Tuesday, June 21, 2011

Roman Dodecahedra

The mysterious objects known as Roman dodecahedra are in the news this week because a metal detector enthusiast found this one in England. Other, more perfect specimens have been found from Scotland to Hungary, more than 60 in all. They range in size from 4 to 11 cm (1.6 to 4.3 inches) across. They seem to date to the second and third centuries AD. Each has twelve pentagonal sides, with a round hole in the center of each side. Most are bronze. Apparently some are stone, although I haven't been able to find a picture of a stone one.

Note that the holes in this dodecahedron are of varying sizes, a feature of many well made bronze examples.

Nobody knows what they are. They look like dice to me, of course. Other theories include candle holders (wax was found inside one), calibration devices for water pipes, and good luck charms. This guy thinks they were astronomical clocks used for calculating the date to plant winter wheat. A majority have been found in Gaul, where they are widely scattered; otherwise they come from regions with a Roman military presence, although not, generally, at military posts.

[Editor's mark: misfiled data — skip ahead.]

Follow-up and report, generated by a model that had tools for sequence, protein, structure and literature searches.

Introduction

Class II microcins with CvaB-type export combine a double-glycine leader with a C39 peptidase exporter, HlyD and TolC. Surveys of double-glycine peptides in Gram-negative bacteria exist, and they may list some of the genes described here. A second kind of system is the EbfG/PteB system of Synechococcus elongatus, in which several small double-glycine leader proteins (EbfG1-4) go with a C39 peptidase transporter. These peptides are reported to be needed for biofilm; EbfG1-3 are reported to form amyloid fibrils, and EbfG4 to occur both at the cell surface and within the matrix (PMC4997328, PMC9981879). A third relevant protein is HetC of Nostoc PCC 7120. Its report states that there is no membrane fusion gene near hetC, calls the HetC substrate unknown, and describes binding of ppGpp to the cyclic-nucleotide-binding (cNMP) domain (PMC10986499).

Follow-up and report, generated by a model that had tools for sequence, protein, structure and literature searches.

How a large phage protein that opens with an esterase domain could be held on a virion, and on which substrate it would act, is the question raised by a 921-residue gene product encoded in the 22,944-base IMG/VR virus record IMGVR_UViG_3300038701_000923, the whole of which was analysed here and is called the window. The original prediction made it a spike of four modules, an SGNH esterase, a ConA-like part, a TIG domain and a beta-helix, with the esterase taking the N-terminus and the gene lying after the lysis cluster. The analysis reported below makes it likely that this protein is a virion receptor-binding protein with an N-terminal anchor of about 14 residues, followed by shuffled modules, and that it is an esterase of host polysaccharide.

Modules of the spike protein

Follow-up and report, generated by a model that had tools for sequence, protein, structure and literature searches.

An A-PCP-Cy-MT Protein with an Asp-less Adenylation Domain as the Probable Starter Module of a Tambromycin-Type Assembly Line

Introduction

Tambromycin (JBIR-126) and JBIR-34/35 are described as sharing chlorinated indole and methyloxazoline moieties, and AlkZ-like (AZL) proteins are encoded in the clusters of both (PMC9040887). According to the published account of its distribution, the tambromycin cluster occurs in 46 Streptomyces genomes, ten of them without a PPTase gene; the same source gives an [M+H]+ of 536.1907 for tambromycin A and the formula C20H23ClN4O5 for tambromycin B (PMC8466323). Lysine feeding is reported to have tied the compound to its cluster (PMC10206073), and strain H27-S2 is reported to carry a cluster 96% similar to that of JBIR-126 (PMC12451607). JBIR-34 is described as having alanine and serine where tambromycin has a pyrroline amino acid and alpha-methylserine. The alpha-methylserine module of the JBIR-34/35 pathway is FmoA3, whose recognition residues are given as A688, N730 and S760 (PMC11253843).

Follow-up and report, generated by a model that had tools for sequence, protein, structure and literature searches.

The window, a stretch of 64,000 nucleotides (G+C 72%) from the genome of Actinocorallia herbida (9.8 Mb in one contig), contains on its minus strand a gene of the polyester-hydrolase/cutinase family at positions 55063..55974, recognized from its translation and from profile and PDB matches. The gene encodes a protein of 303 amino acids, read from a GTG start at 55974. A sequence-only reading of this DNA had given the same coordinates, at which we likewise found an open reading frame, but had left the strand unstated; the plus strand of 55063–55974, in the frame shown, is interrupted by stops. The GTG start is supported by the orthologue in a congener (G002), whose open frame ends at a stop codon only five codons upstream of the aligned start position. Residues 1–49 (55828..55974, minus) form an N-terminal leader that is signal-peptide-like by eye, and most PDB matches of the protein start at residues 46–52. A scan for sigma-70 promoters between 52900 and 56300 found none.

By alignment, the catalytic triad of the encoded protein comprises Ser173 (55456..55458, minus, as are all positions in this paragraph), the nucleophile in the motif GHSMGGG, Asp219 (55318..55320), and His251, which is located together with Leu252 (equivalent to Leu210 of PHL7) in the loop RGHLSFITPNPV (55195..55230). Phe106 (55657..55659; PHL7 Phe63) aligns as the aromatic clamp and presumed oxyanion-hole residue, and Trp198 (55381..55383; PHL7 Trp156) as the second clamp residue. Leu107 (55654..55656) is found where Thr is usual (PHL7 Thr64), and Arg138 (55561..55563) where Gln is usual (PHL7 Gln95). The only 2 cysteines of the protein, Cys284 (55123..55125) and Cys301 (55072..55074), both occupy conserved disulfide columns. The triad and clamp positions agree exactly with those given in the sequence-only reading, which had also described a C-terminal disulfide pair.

I confess that I never heard of them until today, and for me there is nothing like discovering a new archaeological mystery to make any day a happy one.

UPDATE: pondering these some more, I wonder if maybe they could have functioned as a kind of oracle, using slips of paper inserted into the holes or some other indication of the choices at issue.

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